Growing and Caring for Fruit 2

The introduction of container grown fruit trees and shrubs and the availability of dwarf varieties of apple, pear and cherry has meant that every gardener can now successfully grow most fruits in their own back gardens.

Not all fruit is easy to grow and careful consideration should be given to the types and varieties suitable for your own location and conditions before making a final decision. The Gardening Register hope that the following information will help you produce a wide variety of fruit in your garden.

Buying Fruit Trees

Always buy your fruit trees from a reputable supplier. If you are confident in pruning then buy a one year old maiden whip. This has no laterals so will be cheap but you will need to train it yourself and it will be about three years before it produces a successful tree.

Two and three year old trees have a basic framework to work with but will cost you more. Avoid buying trees older than four years as they can be hard to establish.

Bare rooted trees will have to be planted in the autumn. When buying you are looking for a tree with good strong, evenly spaced branches without open buds. The main stem should be straight and the union strong and free from cracks. Roots should be well developed and spreading out in all directions. Remove any suckers growing from the rootstock.

Container grown trees can be planted at any time. Growth should be strong and free of pests or disease. The main stem should be straight and the union strong and free from cracks. Roots should not be growing through the base or side of the pot and the surface of the soil should be clear of weeds and roots.

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2 thoughts on “Growing and Caring for Fruit

  • Val McClean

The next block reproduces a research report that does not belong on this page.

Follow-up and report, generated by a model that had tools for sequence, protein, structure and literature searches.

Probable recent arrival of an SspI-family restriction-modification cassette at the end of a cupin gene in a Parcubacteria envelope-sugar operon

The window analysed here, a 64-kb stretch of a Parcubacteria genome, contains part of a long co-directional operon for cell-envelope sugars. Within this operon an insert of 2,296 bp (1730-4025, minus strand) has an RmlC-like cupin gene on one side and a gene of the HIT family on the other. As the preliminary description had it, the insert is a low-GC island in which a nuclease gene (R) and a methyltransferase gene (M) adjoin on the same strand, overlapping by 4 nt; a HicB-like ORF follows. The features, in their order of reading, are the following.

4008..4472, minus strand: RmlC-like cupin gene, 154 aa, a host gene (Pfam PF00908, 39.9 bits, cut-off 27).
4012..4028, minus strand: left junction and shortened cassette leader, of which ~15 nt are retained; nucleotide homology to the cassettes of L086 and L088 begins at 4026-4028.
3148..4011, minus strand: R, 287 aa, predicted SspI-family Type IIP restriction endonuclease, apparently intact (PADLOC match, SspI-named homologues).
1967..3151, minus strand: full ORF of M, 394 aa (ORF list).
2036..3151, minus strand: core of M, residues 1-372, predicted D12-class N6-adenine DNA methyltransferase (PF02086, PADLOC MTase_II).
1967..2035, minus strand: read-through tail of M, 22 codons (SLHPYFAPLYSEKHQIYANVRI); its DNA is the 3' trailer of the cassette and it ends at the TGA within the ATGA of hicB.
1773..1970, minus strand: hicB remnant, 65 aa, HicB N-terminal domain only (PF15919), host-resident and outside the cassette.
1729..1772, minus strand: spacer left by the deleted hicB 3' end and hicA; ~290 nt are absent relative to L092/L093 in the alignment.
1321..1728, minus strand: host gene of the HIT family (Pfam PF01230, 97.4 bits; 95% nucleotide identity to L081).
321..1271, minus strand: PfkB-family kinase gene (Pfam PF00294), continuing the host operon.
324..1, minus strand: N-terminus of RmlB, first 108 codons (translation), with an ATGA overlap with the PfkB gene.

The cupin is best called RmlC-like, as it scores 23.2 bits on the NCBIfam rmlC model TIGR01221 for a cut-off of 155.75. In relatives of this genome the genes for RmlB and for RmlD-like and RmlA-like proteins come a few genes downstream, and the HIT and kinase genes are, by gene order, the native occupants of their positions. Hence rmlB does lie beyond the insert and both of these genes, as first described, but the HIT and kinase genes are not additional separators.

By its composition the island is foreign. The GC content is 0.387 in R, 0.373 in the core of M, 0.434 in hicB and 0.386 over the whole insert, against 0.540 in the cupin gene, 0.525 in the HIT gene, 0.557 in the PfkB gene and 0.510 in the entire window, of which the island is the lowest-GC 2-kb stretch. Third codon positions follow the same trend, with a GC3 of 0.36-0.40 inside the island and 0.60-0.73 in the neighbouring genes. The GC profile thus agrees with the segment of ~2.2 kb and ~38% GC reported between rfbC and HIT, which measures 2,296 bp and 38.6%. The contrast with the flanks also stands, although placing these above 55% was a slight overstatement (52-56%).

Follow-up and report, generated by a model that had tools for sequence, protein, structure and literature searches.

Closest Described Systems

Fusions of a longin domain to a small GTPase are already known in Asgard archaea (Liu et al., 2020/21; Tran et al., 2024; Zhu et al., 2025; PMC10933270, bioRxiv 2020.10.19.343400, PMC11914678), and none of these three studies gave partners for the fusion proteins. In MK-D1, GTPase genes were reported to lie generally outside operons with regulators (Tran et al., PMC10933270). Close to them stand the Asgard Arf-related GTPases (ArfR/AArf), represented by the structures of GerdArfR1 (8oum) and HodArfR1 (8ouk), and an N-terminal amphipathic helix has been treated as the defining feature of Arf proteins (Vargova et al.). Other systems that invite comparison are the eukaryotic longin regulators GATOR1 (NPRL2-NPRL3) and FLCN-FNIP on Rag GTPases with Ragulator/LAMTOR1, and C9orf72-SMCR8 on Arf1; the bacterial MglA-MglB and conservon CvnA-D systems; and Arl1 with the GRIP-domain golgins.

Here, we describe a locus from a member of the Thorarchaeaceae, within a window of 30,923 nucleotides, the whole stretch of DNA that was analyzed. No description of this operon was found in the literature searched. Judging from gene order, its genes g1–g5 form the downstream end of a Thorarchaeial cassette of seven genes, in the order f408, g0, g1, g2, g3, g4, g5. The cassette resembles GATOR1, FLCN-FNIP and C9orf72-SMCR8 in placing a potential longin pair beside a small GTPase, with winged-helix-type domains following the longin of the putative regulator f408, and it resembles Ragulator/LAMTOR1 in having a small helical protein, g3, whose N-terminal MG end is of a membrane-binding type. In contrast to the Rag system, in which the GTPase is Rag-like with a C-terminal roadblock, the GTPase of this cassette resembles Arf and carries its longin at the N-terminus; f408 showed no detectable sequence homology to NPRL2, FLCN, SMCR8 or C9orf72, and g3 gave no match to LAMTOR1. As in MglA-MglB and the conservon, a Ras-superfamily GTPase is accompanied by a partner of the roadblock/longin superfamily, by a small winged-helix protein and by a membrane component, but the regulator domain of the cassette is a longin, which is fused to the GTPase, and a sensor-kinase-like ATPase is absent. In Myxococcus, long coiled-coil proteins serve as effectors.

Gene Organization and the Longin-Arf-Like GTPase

Hi there, I hope you can advise me ok. My daughter has had a cherry tree in her garden for awhile now & it always produces beautiful cherries. However she said that when she bought it she read that it should not be pruned or cut back, however it has now grown vert tall & broad & really does need to be cut back some. Will this affect the cherries from growing & if not how would you suggest pruning it etc., I fo hopecyou can help & I look forward to your acknowledgement at your earliest opportunity. Thank you.

    Kind regards,


  • Linda Peppin

    Hello Valerie,

    First I must apologise profusely for the long delay in getting back to you. I have only just seen your comment which had been hidden away in the Spam folder. I hope I can still be useful.

    Cherry Trees produce their fruit on the previous year’s growth so to ensure you get cherries the following year you should leave this year’s growth (with should be softer and more flexible than older wood) and prune back all the old wood to whatever length you want. If the tree is really getting out of hand, and your daughter doesn’t mind not having fruit for a year, she can prune back the whole tree without causing any long-term damage. You never know, she may still get some fruit if the tree isn’t pruned too hard.

    Pruning should take place from late July to the end of August so I’m afraid you’ve missed this year’s window, However, in Spring, once the buds have appeared, she could trim off the ends of each branch being careful not to damage any of the buds lower down, then do a full prune in August.

    I hope this helps and, again, sorry for not replying sooner.